She wasted no time as they immediately broke into their rendition of Kendrick Lamar’s “Untitled 7,” more commonly known as “Levitate.” Upon instant recognition of the song, the crowd snapped into action as if it were a rallying cry and joined their voices to the chorus allowing Tank to elevate the hype to new levels. Tank grasped the full attention of the room and simply did not let go for the rest of the night. Once she started rapping, the vocal inflections and silly voice changes she uses kept the audience captivated, a vocalization style that is part of the new wave of hip hop. When it comes to instrumentation, they’re in a class of their own, using a myriad of sounds to wildly re-imagine covers with Tank’s energetic, lovable, charismatic aura.

Tank and the Bangas. Photo: Robbie Geyer

Throughout their set, Tank and the Bangas masterfully transitioned from the debaucherous booty shaking bounce to slower, more jazz influenced numbers with lyrics delving into the heartbreak, love, and resiliency of their city after Katrina. The juxtaposition of careless and raunchy fun alongside more heavy subject matter may be confusing to some, but it captures the spirit of the people of New Orleans. Tank and her group demonstrated how partying in the face of oppression isn’t merely an act of healing, but an act of resistance. The group collectively enjoys the aspects of life meant to be celebrated, shining light, love and positivity through the darkness across the country, wherever they land.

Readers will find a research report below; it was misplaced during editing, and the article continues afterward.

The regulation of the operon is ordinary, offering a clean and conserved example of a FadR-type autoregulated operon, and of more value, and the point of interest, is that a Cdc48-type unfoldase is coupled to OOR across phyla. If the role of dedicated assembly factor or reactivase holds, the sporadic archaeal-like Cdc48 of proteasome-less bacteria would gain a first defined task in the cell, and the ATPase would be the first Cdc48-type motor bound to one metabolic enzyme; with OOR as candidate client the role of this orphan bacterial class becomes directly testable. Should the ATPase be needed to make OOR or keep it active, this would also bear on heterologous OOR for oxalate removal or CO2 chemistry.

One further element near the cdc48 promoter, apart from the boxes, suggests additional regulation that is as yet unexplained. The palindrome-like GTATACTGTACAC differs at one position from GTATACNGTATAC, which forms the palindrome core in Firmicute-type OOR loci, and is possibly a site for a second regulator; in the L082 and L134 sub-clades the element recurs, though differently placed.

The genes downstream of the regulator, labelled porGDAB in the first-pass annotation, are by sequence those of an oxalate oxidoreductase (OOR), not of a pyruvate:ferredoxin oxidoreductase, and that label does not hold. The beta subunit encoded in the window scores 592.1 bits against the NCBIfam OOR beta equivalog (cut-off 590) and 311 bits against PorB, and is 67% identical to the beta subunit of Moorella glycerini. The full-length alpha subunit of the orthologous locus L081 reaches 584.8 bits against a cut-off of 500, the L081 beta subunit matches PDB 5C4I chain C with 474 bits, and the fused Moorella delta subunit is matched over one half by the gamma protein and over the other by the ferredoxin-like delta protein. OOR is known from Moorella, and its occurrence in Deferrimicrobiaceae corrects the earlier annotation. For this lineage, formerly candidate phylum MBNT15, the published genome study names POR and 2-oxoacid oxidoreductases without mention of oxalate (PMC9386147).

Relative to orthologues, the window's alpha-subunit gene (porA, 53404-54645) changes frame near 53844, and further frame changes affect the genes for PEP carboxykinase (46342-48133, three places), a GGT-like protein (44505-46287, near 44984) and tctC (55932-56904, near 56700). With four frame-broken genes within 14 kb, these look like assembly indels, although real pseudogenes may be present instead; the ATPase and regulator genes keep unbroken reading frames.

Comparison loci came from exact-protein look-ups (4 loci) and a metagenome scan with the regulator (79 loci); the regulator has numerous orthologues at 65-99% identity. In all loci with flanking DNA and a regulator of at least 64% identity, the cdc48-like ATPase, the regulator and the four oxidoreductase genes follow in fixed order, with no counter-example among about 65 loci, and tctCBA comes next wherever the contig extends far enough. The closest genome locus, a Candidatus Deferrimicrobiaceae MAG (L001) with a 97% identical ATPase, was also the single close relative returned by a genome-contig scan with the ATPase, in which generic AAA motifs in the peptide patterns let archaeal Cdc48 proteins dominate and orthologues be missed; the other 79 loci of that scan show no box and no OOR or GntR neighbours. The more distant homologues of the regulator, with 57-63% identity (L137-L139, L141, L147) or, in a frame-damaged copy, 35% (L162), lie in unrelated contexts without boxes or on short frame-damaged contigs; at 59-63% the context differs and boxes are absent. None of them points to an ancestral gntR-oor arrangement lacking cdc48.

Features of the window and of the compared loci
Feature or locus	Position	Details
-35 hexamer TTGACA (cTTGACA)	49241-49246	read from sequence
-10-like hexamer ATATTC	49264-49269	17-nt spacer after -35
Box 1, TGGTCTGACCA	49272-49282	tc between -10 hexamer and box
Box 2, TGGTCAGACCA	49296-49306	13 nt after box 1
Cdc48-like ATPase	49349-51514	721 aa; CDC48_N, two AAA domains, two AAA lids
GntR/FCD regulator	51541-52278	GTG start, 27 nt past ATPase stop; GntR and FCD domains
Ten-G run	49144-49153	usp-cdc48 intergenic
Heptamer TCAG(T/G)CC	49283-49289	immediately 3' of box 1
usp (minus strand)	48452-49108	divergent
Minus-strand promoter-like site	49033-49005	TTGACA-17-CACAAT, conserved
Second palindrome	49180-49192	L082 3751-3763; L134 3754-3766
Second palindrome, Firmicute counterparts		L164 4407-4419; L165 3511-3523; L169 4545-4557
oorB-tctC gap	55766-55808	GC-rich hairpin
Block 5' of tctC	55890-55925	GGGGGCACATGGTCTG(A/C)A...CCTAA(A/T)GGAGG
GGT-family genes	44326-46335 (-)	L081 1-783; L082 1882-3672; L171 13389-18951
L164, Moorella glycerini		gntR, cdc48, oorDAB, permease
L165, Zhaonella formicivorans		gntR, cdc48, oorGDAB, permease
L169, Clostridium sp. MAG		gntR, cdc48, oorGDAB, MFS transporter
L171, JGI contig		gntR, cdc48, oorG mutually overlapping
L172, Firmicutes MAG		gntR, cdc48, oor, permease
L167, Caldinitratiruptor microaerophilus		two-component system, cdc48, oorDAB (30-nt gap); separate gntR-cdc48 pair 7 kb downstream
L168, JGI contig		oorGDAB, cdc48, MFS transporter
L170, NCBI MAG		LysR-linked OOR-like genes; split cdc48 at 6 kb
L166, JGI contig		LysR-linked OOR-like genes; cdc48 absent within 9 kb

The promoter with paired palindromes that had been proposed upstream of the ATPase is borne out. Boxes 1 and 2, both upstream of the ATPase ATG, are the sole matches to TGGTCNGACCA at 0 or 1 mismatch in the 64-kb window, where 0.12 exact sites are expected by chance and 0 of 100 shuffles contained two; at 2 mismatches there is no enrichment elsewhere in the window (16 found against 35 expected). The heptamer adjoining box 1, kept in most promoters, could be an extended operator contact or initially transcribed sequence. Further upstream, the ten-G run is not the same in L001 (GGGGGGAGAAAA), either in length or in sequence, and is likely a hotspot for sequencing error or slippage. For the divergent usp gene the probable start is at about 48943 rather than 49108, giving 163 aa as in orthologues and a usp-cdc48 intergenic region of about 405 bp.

A highlight of their set was their slow, soulful cover of Outkast’s “Roses,” a popular song that one couldn’t really sing to because of Tank’s unique delivery. Another highlight was their rendition of “Swag Surf” which had the entire pit swaying side to side with one another. The most lively part of the night may have came at the end, when Tank and her Bangas played the classic Nirvana grunge rock song “Smells Like Teen Spirit.” The venue erupted as people screamed along the lyrics, jumping and headbanging their way through the song.

Tarriona “Tank” Ball. Photo: Robbie Geyer

As they exited the stage, one by one, in the reverse order they appeared, the cheers and screams of the crowd did not cease. Considerable applause lingered after they left the stage, and the audience expressed their gratitude, which eventually turned into a chant of “encore.” We weren’t ready to get off the Tank ride just yet. After a few minutes of seemingly no response, people began to file out. The band then abruptly filed back onstage to fulfill the audience’s plead for one more song. They performed “Rollercoasters,” a slower and powerful spoken word piece that seemed a fitting end to the musical journey we experienced.

Check out the remaining 2018 tour dates for Tank and the Bangas and Sweet Crude.